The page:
Attach one block to one or other side of the cockpit in front of you (just tie it to a padeye or other convenient fitting with a short length of strong light line - the loads on it will be minimal and that way you can take it off again if you want to).

Attach the other block to the rear padeye in the same way.

Now taking your new longer "Sheet" tie a double overhand stopper knot in one end (just a normal overhand knot but go through the loop twice and then pull the knot tight) then feed the other end downwards through the front cockpit block back along the deck to the rear block, upwards through that block to the cringle (the metal eye in the corner of the sail) and tie the sheet to the sail there, preferably with a bowline (it is not a very good idea to use a snap shackle to attach the sheet to the sail as the sail can flap about and whip the hapless skipper with any metal fitting that's attached there).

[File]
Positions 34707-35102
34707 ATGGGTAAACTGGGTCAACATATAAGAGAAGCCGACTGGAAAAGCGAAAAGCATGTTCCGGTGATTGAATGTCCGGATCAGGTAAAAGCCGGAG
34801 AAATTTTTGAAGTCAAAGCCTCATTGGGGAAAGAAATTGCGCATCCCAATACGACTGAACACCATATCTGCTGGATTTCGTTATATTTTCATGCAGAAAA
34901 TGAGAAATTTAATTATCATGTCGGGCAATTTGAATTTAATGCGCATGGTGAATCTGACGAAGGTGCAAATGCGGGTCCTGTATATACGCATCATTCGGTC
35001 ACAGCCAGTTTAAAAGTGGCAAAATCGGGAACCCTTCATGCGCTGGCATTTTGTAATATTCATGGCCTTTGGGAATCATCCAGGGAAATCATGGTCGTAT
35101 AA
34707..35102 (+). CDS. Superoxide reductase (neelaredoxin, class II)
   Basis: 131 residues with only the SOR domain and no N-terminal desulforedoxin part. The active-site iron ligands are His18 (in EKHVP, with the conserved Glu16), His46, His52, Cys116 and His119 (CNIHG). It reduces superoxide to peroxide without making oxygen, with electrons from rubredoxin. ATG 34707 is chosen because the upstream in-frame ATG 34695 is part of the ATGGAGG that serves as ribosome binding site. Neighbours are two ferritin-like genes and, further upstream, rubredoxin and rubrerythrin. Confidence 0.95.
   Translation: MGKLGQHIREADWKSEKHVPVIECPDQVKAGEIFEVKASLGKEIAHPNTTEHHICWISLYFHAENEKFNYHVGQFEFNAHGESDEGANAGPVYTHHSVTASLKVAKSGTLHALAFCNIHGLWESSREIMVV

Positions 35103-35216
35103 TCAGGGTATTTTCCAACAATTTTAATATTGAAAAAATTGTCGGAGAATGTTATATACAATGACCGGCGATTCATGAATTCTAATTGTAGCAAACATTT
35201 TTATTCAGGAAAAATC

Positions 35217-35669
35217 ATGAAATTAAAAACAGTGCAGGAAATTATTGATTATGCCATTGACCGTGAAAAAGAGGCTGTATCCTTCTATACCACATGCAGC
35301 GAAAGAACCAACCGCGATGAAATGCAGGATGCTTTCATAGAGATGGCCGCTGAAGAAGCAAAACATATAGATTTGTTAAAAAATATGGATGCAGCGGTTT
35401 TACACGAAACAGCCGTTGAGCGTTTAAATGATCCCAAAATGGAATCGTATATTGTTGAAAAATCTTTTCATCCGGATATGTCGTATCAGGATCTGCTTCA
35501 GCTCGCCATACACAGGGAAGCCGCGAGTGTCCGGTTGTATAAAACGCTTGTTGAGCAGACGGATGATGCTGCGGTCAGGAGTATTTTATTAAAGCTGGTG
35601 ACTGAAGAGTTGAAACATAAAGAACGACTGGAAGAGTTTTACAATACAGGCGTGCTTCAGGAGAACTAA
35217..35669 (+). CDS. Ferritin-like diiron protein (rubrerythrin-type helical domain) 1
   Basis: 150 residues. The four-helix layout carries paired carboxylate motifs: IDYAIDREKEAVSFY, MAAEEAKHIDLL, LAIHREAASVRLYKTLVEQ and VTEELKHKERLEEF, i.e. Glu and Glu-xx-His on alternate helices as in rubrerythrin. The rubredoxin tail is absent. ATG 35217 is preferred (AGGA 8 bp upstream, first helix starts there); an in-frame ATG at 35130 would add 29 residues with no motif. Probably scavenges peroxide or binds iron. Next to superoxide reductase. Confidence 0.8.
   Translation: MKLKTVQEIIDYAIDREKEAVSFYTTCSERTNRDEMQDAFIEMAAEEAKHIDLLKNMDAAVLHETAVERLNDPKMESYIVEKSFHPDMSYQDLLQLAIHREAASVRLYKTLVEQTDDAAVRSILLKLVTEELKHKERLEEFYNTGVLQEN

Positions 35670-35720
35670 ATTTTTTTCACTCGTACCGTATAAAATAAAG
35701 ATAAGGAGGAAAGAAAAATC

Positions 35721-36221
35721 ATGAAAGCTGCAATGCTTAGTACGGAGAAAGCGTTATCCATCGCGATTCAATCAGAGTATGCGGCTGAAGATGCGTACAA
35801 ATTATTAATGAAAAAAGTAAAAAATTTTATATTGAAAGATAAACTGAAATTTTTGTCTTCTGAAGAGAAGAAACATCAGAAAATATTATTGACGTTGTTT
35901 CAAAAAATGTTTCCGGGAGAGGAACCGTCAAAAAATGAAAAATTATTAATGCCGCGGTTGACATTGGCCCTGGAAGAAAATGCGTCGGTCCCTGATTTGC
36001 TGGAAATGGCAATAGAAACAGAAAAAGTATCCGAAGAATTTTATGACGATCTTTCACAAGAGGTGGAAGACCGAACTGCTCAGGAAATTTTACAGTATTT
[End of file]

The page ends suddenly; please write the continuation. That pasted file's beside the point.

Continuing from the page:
When you have made this mod you should find that
1. to pull the sail IN (when sitting in the cockpit) you pull on the knotted end of the sheet that runs forward to the front of the cockpit & then back along the deck (if you don't have the block there you have to push the sheet to pull in the sail which is not very comfortable.
2. the stopper knot should prevent the end of the sheet running through the cockpit block - therefore it will always be to hand when you need it (if you don't use this block & stopper knot you can lose the end of the sheet over the side of the boat and it will be a b*gg*r to get back because it will dangle in the water from the rear padeye where it will be just out of reach)